Last post on Nov 28, 2013 at 8:51 PM
You are in the Jeep Commander
What is this discussion about?
Jeep Commander, Jeep Commander SRT-8, Engine, SUV
#213 of 350 Re: 2006 Commander 5.7 Limited Won't Start [jaynbay]
Jan 01, 2010 (8:18 pm)
i would bet it is the starter that needs to be replaced. i was charged $345 by the dealer i purchased it from less than a year before replacing the starter became necessary. it had the same problem of not starting sometimes. it wasn't until it refused to start (it used to be i would try to do so two or three times and on the fourth it would, but this time it wouldn't after several tries) and i had to get it towed (another $90 on top of the $345) that I had the starter replaced. that kept the starting problem from recurring but the car still has a lagging stall problem until I stopped going to the Jeep Chrysler dealers instead bringing it to independent repair shops in Connecticut and Mount Kisco, NY who made the right changes so that now the stall is less acute. and, your dealer, if it is a jeep dealer that you purchased this from knows about this problem...don't let them get away with not replacing it for you at this stage because it may just stop working all together after your warranty is up (or, as in my case, they simply will not honour the warranty)
#214 of 350 Re: 2006 Commander 5.7 Limited Won't Start [jaynbay]
Jan 03, 2010 (9:07 am)
You don't provide enough details. No starting can mean the engine cranks but does not fire, or it can mean that it doesn't crank. The poster that responded assumed that it needs a starter, which may not be true if the starter cranks the engine but the engine doesn't catch. If it doesn't crank, it could be as simple as a starter relay, it could be the starter, it may even be the engine computer. If it cranks but starts and dies, it could be the key fob or the receiver in the steering column, also known as the SKIM module or smart key immobilizer, part of the anti theft system. There have been some known issues with connections on the underside of the PDC (power distribution center) that have either not been seated or the retention tabs on the terminals were broken. The most difficult thing about an intermittent issue, is getting it to reproduce. Detail as much as you can, write it down when it happens to you, so you can provide accurate information to the dealer to help him track down the problem. Good Luck.
#215 of 350 Re: 2006 Commander 5.7 Limited Won't Start [bassman8]
Jan 03, 2010 (11:08 am)
sorry about that, mine would not 'crank' not even one 'crank'.
and, you are also right that the solution that i was charged for, nobody is sure that it actually required a new starter.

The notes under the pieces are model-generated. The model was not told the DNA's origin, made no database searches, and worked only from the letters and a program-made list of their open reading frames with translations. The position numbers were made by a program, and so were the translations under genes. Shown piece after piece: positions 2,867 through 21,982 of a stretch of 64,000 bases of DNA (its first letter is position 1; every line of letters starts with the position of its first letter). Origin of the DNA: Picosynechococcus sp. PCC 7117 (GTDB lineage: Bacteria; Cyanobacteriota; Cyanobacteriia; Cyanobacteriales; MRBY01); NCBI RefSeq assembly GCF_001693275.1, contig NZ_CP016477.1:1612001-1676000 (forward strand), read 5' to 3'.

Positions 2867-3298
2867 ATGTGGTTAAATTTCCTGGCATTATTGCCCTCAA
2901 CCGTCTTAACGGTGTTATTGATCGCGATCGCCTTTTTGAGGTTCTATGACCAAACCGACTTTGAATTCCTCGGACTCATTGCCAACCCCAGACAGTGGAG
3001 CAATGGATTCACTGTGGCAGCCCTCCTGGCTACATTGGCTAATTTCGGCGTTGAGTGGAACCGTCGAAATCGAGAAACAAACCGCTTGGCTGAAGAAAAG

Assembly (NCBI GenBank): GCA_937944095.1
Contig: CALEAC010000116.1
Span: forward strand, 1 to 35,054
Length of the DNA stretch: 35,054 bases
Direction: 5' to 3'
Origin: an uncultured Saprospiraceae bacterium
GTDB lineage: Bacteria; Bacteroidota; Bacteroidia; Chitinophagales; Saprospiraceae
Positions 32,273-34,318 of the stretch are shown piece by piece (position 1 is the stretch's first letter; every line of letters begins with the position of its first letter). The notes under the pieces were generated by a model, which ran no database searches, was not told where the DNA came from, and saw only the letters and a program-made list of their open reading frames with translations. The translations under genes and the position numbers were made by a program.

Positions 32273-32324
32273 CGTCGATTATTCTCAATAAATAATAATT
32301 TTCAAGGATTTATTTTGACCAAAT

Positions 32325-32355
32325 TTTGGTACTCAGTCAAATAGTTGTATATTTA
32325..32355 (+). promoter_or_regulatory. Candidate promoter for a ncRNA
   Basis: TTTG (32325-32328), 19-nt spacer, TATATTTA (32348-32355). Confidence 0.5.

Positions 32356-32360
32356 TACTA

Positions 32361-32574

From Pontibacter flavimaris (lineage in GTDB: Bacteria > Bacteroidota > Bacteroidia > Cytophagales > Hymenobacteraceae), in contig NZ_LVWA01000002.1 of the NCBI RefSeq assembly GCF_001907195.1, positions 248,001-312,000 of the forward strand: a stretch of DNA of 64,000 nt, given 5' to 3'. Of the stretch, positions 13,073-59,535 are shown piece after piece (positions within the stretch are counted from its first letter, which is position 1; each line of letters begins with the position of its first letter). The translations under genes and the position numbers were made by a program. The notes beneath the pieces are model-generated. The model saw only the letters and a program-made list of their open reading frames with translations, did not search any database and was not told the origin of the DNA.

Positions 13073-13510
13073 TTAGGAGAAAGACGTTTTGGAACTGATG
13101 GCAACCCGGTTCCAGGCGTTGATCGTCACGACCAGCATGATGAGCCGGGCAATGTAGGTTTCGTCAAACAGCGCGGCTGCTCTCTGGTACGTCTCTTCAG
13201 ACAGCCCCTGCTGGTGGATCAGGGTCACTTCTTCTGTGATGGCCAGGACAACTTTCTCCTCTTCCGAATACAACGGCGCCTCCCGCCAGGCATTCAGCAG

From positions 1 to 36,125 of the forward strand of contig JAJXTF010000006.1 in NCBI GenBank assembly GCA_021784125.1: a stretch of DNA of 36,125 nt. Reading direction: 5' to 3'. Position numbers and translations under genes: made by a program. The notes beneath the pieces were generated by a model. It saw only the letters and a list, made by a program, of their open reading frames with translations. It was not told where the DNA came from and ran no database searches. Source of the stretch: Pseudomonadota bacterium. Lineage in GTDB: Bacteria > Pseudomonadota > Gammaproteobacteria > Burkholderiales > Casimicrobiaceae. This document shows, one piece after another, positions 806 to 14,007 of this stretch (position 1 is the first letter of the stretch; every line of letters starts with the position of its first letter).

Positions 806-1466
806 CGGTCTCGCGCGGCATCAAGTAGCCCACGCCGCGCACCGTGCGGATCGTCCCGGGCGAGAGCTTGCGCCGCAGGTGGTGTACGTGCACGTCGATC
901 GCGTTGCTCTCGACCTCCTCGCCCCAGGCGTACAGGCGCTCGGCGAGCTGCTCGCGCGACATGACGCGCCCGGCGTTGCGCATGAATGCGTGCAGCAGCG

all that said: fundamentally the Jeep Commander has electricical problems that on a driving level = problems starting The Commander, problems with The Commander stalling when merging onto a highway, problems with The Commander dashboard flickering more often than not, and, too, problems getting the Chrysler Jeep dealers to fix problems before the warranty is up.
short of long: before your warranty runs out and before The Commander totally refuses to start contact Chrysler, Michigan. you will have to go through Chrysler, India first, but once you do get to michigan they might encourage The Jeep Dealer to replace the parts they know the symptoms you are describing are an inidication of.
#216 of 350 Re: 2006 Commander 5.7 Limited Won't Start [bassman8]
Jan 03, 2010 (3:06 pm)
Thanks for the info. When I say that it won't start, it does exactly as another individual described. All electrical components work - radio, lights, etc., but the vehicle will not even click when you turn the key. When it last happened, I unhooked the battery cables for a short period and once reconnected, the vehicle started and has been starting fine now for a few days.
#217 of 350 The Customer Isn't Always Right
Jan 04, 2010 (4:04 pm)
Boy oh boy, I have never read so much misinformation and confusion. Bassman8 is the only person here who knows what he's talking about. While most customers are very nice to deal with, I shudder at the thought of trying to work with some people here.
First of all, an engine stalling problem should never be a "terrifying" situation. If you can't handle this common emergency, sell your car and walk or hire a taxi. Panicking on the highway is the safety issue. People run out of gas, get flat tires, and get cut off all the time, and they don't whine about the terrifying situation. Regardless of the cause of the problem, it is your responsibility to know how to control the vehicle in a safe manner. It's up to the people behind you to worry about themselves. Part of their driving experience includes watching out for you. Pilots learn how to land a plane safely with dead engines. A stalled engine in a car is a relatively harmless inconvenience.